Randy Udall: On living, and dying, among the elk herds
November 5, 2010
A carpenter disappeared in the mountains here a few months ago. A talented craftsman, longtime local, a gentle soul with a caring wife, a daughter just turned 18, and many loving friends, he parked his truck at a trailhead and vanished. Nobody knows whether he had an accident, suffered a heart attack, was attacked by a cougar or took his own life. A massive search by friends and family found nothing except a lot of fresh bear sign. A psychic suggested he had fallen from a cliff and then been buried in a mudslide. Maybe an elk hunter will find his body. In the meantime, his family has held a service, memorable and moving, if haunted by the unknown.
In my experience, the problem with elk hunting is the elk. Trailing them through snowy woods, watching them flow down a steep hillside, their exhalations smoky in the cold, you come to admire them. After a few seasons, you might begin to like elk more than you like elk hunters, which constrains the take. Passing up shots, you begin to wonder why you still carry a rifle. (If you were really hungry, of course, it wouldn’t be hard to pull the trigger, but that kind of hunger is mostly a memory now.)
Snow is an instructive canvas. Seeing a dusty animal track on a summer trail, lacking the ability to follow it further, we forget that up ahead there’s an animal standing on those feet right now. In November, elk probably wish they could stop making tracks through the snow, but they can’t so they ditch you in icy terrain, where four feet offer an advantage.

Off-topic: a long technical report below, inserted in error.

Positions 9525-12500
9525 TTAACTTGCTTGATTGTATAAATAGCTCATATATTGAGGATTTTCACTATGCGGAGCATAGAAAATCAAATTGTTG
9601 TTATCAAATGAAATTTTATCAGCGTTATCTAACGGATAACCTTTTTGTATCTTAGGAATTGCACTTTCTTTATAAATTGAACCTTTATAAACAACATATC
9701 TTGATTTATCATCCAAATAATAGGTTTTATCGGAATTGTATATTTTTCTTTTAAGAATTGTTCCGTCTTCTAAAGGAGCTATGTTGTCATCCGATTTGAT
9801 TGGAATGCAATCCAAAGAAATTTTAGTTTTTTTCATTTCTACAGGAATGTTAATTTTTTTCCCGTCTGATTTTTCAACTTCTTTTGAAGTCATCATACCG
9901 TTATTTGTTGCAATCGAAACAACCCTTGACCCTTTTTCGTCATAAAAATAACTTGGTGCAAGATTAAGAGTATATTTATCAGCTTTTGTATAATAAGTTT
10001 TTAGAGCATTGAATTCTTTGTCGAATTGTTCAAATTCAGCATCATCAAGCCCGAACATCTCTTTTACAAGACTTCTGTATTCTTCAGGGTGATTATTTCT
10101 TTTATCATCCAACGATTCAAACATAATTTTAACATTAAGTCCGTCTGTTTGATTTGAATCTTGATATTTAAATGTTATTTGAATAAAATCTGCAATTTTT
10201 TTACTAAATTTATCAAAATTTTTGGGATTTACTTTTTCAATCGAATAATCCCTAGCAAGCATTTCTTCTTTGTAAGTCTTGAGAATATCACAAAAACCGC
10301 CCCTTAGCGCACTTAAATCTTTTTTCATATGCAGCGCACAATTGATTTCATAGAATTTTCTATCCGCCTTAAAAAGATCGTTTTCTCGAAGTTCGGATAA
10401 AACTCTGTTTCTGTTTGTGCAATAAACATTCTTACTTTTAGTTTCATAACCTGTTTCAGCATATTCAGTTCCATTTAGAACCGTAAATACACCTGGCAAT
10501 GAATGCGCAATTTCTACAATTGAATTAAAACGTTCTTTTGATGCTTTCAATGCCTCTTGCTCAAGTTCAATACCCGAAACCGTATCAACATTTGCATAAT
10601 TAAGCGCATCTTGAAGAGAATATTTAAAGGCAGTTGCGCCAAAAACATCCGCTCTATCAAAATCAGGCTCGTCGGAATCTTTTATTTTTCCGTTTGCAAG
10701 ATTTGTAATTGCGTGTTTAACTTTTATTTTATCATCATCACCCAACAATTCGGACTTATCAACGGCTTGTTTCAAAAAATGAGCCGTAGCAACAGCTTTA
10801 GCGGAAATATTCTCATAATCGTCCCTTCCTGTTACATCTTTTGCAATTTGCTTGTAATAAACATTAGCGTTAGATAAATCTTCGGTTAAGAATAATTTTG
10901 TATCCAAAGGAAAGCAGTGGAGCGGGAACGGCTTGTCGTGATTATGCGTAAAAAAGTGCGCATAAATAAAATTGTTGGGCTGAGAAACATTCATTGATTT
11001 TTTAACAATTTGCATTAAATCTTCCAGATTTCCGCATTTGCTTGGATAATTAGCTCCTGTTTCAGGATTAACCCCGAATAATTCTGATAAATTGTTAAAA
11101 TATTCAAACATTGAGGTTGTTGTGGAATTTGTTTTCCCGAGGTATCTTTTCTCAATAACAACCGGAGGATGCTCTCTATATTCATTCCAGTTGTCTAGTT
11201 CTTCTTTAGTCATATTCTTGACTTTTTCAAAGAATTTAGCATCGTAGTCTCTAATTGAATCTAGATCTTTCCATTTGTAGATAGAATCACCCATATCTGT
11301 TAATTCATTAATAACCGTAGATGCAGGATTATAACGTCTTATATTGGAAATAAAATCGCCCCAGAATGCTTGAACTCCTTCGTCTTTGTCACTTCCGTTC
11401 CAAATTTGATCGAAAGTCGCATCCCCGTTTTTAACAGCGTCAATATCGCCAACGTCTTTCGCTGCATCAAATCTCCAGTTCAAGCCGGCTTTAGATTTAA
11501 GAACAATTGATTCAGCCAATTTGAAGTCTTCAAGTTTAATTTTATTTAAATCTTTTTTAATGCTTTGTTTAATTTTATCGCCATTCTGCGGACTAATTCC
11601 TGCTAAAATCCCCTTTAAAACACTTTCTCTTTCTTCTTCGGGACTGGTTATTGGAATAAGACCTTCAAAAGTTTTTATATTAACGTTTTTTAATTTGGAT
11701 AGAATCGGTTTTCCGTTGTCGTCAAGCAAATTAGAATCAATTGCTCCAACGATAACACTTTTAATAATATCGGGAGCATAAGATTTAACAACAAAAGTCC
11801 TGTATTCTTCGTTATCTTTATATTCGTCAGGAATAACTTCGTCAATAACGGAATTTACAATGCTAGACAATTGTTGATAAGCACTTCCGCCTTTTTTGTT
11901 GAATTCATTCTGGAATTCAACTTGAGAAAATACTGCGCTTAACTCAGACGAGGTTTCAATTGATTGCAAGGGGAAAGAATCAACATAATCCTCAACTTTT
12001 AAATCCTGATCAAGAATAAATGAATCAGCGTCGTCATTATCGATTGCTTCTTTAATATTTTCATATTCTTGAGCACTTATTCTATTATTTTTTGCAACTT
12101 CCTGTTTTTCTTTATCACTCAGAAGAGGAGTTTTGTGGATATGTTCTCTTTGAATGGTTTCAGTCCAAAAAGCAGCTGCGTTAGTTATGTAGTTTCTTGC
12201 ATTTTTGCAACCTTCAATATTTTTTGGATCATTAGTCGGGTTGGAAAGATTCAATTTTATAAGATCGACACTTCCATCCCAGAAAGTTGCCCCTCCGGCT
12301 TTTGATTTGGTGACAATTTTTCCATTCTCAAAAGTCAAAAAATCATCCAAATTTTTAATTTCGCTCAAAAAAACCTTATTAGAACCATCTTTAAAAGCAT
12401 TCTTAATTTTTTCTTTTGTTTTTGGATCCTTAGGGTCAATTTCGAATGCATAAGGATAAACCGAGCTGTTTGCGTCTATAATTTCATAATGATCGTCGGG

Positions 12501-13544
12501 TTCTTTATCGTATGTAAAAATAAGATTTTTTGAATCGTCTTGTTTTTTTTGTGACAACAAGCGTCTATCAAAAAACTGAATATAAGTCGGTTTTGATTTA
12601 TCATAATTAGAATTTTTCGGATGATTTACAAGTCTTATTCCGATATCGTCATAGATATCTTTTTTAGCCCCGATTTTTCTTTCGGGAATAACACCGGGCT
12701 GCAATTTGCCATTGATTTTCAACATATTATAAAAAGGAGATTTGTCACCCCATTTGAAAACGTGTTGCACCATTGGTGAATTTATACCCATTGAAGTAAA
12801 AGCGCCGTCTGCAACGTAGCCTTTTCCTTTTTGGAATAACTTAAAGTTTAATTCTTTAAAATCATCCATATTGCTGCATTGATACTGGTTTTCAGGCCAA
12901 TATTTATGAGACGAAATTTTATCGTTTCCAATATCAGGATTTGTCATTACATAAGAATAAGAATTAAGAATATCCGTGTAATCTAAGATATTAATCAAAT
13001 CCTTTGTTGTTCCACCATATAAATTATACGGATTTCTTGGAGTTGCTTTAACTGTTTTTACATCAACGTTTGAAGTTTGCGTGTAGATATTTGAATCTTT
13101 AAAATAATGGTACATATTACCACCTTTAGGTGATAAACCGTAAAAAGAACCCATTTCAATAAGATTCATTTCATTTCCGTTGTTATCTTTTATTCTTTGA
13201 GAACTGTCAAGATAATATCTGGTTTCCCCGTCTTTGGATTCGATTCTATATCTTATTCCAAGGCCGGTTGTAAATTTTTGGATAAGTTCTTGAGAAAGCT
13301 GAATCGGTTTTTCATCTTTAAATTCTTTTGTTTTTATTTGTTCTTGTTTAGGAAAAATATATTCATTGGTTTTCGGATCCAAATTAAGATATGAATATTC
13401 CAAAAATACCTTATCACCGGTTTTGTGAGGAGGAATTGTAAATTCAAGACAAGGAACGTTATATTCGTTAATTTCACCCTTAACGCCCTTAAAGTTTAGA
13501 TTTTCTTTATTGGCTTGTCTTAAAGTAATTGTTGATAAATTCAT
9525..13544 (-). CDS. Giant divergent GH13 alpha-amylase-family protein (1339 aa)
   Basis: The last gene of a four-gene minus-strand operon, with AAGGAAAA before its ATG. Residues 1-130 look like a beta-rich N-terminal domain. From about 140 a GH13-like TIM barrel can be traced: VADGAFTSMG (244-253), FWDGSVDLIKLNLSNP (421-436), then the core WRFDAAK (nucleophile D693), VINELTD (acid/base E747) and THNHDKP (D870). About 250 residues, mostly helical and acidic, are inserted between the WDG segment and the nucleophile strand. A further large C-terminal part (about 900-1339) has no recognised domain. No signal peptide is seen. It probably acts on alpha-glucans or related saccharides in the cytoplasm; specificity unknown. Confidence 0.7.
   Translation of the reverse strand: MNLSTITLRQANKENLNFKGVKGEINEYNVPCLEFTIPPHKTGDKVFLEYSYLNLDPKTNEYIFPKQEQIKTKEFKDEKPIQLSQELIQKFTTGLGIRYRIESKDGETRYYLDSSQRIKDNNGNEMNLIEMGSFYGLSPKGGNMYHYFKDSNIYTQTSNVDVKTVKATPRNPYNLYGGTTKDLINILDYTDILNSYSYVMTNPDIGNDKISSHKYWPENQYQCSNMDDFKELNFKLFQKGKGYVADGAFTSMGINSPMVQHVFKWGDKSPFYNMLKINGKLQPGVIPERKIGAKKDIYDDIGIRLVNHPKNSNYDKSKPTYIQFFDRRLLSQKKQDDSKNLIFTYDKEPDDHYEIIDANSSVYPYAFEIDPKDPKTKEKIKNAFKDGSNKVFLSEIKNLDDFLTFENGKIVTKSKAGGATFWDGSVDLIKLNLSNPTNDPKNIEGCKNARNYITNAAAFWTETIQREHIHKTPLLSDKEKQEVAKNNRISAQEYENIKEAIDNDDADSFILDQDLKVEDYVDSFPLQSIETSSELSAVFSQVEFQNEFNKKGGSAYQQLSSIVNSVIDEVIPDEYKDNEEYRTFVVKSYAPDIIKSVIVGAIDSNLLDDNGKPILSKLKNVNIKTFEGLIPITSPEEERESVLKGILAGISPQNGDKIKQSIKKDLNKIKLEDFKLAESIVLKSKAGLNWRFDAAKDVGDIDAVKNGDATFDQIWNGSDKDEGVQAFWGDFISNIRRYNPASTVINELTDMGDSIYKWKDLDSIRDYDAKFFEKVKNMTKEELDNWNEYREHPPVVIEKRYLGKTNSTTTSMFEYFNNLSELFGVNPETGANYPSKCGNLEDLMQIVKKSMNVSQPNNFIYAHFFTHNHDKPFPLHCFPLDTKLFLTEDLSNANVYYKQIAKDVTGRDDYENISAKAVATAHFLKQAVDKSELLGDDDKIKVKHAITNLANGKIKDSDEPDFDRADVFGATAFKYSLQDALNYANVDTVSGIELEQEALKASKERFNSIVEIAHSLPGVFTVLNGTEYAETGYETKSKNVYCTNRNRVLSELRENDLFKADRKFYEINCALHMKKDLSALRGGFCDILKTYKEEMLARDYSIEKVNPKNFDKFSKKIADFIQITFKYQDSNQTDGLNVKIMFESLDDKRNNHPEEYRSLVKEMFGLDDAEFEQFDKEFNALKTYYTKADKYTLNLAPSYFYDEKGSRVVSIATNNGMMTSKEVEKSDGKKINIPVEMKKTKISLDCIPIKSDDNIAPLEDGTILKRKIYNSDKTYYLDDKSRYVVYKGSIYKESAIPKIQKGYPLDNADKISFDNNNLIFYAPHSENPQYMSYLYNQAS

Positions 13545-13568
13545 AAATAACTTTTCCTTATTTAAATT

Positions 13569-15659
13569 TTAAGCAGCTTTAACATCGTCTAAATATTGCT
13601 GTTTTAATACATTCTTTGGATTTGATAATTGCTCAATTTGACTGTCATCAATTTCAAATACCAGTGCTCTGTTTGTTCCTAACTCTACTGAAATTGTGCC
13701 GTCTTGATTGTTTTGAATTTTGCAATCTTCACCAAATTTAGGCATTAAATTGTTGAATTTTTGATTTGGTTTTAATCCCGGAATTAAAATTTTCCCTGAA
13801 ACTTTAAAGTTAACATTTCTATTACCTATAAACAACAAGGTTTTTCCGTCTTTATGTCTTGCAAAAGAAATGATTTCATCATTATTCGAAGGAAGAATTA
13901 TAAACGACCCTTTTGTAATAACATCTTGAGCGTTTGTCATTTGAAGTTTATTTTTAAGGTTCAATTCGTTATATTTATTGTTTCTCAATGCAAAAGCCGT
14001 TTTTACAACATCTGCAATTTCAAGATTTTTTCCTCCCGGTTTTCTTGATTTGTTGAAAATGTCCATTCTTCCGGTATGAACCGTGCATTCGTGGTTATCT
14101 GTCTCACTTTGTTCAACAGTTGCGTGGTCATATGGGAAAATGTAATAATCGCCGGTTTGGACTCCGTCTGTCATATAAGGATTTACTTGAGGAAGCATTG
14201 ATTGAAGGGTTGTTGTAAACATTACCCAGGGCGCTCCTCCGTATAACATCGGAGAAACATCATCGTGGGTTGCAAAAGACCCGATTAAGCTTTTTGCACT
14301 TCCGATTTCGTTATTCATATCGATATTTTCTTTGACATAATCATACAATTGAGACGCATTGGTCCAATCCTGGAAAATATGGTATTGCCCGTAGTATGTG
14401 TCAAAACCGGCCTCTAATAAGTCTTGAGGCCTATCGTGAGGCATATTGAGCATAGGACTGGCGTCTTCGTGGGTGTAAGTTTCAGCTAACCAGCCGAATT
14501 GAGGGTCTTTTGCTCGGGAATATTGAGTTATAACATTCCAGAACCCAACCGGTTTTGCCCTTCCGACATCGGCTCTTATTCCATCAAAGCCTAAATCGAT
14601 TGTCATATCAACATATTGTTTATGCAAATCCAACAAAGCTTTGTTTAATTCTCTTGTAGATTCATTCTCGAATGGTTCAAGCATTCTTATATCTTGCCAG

We humans leave tracks, too, of course, but today our footprints are interrupted by jet contrails and automobile journeys. The lost carpenter – his name was Willie – probably traveled a million miles in his lifetime. Our incessant motion can’t change the fundamental reality – that we are all snowflakes, just here for a season. Is it that knowledge that makes us so restless? Makes us drive the distance to the Moon every 20 years? If so, is there any cure?
Many wolves and some bears in the Rockies now wear radio collars that emit one beeping signal when the animal is moving and another if it dies. If humans wore similar “mortality devices,” would it change our behavior? Would it slow us down or speed us up? We could call them the Apple iAm, link them directly to your Facebook page. Volunteers, anyone?
I asked the most peaceful woman I’ve met recently what explained her calm aura. She explained that she had spent the last two years living within a 100-mile radius of her home in western Colorado. She was taking an airplane sabbatical. All her flights had been grounded. An athlete, in the winter she coaches a nordic ski team, skating long distances across Grand Mesa, but she is no longer trying to outrun herself.
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There are days in October when it seems a crime to be inside. On one of them I went walking up the rugged ridge behind where Willie presumably has been lost. I crossed Avalanche Creek on a log, then climbed game trails up a steep slope to the edge of an escarpment. From there I walked a long ridge above treeline, a tundra vagabond gazing into hanging basins on both sides. Blond grasses, crisp air, blue sky. I ate an apple at the pass, then dropped into Gift Creek to circle back around.
Lower down, some of the meadows were bordered by radiant aspen. In one, a group of hunters were gathered by wall tents. Their stocky buckskin horses were picketed nearby, pink flagging woven into their manes, to ward off incoming fire, presumably from errant Texans.
The sun had vanished behind the ridge, the air was cooling, and wildlife would soon be on the move, but these men were camped in the prettiest spot in Colorado and seemed in no rush to go hunting. We’re lucky to live in these mountains, I thought, and some of us to die here, too.